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The Playful Side Of Food: Elsa Lambinet's Design
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The Playful Side Of Food: Elsa Lambinet's Design

An interview with the young French designer behind the innovative line of chocolates Sweet Play. That without food design, would have been a chef...

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At just 25 years of age, Elsa Lambinet is a fresh talent of the food design world. A recent  graduate from the prestigious Ecole Cantonale d'arte di Lausanne with a master of advanced studies in luxury, she turned heads during her school days.

Her experimental works for the likes of Baccarat and Christofle and her more recent Sweet Play chocolate project have attracted the attention of the design community and of several international publications.

Previously a stagier for the likes of Philippe Starck and L’Oréal’s Areca design section, she’s currently focusing on her modular chocolates, which started from a curious idea that has developed into a proper company.

How did you decide to become a food designer?
I have been passionate about combining design and food for a long time. Food is a spectacular material for designers, as it involves all senses: sight, smell, touch, taste and sound. The color, texture and form must also be taken into consideration. This field was, for me, a daunting space for experimentation, as every sense is experientially excited.

How was it working in Philippe Starck's studio?
It was a very intense and interesting experience. Philippe Starck has a very impressive mind! What I mean is, you might spend 3 days looking for the solution to a problem, and then he’ll suddenly show up and give you the answer in a minute.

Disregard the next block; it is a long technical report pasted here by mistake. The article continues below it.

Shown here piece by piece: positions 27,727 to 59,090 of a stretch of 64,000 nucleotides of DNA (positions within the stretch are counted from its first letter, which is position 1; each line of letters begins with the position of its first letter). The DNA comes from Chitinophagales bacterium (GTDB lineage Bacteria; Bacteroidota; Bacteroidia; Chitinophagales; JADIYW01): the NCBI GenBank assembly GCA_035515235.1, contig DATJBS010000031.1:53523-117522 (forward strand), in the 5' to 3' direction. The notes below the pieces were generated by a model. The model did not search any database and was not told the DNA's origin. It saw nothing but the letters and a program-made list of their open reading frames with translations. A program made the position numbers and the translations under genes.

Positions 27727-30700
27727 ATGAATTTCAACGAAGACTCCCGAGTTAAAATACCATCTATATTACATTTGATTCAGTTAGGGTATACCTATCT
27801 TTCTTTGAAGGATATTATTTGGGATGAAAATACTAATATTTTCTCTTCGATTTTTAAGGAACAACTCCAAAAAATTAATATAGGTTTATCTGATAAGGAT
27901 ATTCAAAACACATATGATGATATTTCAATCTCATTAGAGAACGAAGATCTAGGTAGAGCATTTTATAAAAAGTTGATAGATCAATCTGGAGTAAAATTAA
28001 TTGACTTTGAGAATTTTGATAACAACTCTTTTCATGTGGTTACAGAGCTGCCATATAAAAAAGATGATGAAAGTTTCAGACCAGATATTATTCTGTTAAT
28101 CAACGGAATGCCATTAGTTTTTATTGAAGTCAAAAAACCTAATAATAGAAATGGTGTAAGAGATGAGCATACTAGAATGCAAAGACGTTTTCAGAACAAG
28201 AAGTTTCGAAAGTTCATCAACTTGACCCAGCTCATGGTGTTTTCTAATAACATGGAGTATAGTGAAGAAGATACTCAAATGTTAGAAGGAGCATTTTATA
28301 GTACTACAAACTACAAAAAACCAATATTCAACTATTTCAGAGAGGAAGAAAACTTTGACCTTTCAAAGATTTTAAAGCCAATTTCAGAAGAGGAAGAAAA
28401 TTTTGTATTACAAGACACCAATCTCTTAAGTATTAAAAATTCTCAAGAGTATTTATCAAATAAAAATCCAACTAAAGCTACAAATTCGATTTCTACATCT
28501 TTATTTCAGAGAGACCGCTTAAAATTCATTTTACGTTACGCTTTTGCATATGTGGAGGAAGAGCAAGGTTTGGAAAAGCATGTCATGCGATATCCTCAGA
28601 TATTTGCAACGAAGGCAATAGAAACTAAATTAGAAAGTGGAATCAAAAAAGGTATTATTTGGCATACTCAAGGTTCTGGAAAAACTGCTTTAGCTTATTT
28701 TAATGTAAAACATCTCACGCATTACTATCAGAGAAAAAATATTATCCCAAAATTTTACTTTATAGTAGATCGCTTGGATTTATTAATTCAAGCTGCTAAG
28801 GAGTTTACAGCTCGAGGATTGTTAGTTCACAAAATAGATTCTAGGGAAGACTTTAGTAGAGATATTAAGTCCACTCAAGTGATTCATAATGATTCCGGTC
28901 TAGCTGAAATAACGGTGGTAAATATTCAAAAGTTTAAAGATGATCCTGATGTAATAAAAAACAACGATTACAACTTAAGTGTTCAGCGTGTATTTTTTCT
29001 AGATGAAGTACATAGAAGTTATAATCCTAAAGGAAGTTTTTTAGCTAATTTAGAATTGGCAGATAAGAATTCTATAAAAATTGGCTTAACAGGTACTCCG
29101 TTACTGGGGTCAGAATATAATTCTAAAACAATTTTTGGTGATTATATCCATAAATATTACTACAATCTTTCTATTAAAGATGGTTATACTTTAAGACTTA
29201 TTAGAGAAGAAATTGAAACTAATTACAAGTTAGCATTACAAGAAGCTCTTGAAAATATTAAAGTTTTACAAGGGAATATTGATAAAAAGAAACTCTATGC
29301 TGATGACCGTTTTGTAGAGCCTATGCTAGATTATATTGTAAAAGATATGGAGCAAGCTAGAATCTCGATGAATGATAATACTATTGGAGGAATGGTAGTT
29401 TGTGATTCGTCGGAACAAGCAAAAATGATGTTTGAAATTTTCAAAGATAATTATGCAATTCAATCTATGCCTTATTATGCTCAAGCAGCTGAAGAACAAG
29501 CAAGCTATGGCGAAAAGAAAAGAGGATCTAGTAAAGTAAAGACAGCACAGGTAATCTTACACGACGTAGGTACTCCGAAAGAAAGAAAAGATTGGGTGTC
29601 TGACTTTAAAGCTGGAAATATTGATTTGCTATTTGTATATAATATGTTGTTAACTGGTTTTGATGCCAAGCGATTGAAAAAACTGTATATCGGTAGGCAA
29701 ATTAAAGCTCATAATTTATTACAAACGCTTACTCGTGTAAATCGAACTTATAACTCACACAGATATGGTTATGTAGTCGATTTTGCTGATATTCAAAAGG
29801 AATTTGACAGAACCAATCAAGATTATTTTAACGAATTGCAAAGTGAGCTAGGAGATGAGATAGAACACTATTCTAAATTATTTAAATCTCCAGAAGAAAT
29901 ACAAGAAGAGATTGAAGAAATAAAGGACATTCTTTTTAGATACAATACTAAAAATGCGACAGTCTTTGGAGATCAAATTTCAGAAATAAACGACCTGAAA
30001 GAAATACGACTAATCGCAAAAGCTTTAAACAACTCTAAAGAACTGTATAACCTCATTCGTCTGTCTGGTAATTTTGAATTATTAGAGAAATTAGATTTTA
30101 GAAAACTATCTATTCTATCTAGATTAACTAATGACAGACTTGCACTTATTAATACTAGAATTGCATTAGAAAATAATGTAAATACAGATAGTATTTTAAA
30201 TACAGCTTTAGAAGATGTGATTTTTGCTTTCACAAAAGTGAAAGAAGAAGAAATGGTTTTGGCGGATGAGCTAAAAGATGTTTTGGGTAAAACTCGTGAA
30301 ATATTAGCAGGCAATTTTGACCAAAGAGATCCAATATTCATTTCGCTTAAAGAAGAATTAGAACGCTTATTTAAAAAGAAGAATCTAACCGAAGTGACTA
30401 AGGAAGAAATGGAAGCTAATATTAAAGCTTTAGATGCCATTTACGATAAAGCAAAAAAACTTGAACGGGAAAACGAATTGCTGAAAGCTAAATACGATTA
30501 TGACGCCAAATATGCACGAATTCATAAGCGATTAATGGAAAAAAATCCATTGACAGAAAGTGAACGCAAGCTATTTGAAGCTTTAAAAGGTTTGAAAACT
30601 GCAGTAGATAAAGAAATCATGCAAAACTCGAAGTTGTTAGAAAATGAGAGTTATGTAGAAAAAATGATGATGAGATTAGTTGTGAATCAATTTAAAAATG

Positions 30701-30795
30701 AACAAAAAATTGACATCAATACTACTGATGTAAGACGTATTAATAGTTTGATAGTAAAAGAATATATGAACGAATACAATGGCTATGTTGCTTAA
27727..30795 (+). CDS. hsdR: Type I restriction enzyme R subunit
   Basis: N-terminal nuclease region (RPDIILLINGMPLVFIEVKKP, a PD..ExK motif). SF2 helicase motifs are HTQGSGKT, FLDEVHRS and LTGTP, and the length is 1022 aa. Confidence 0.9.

Which are the designers that you most appreciate and why?
I am crazy about the work of a new food designer studio called Miit Studio: they are a team of two designers and create very fresh concepts around food. They imagine new ways of eating by encouraging complicity and conviviality between people.

Which do you consider as your most interesting project so far?
Sweet play, it 's the only project that I had the chance to develop entirely by myself: from the molds to the production, the packaging, the shipping and the budget... I had to found my own company for this project and it has been a great challenge for me.

Where do you get your inspiration for your projects?
It can be anything: for Sweet Play the concept generated from the Lego tiles. The original idea was to create a new design/concept using chocolate. While making my research, I saw some Lego games and got my inspiration from there. I loved the way you mix and switch the colorful plastic tiles, creating endless solutions by using your own imagination. I realized that this is exactly what I wanted to do with this work: you can choose your chocolates, mix them with your favorite flavors until your creation matches your own taste!
For Stretch I was inspired by banks, for the Propeller spoon it was a boat propeller... When I have to deliver a new work, I just try to be as open as possible because the idea can come from anywhere and at anytime.

Why today people are more interested in food?
Because the way we eat is changing quite fast, people are more aware of what they eat (the ingredients and their origin) and how they do it.

What's your relationship with cooking, apart from work?
Of course I like cooking, it's relaxes me a lot. But what I like the most of cooking is at the end sharing the meal with the ones I care about.

Which is the best comment that you have ever received about a work?
It was with propeller, someone told me that it was a poetry object.

What would you be, if not a designer?
Definitely a chef, it’s such a creative and passionate job.

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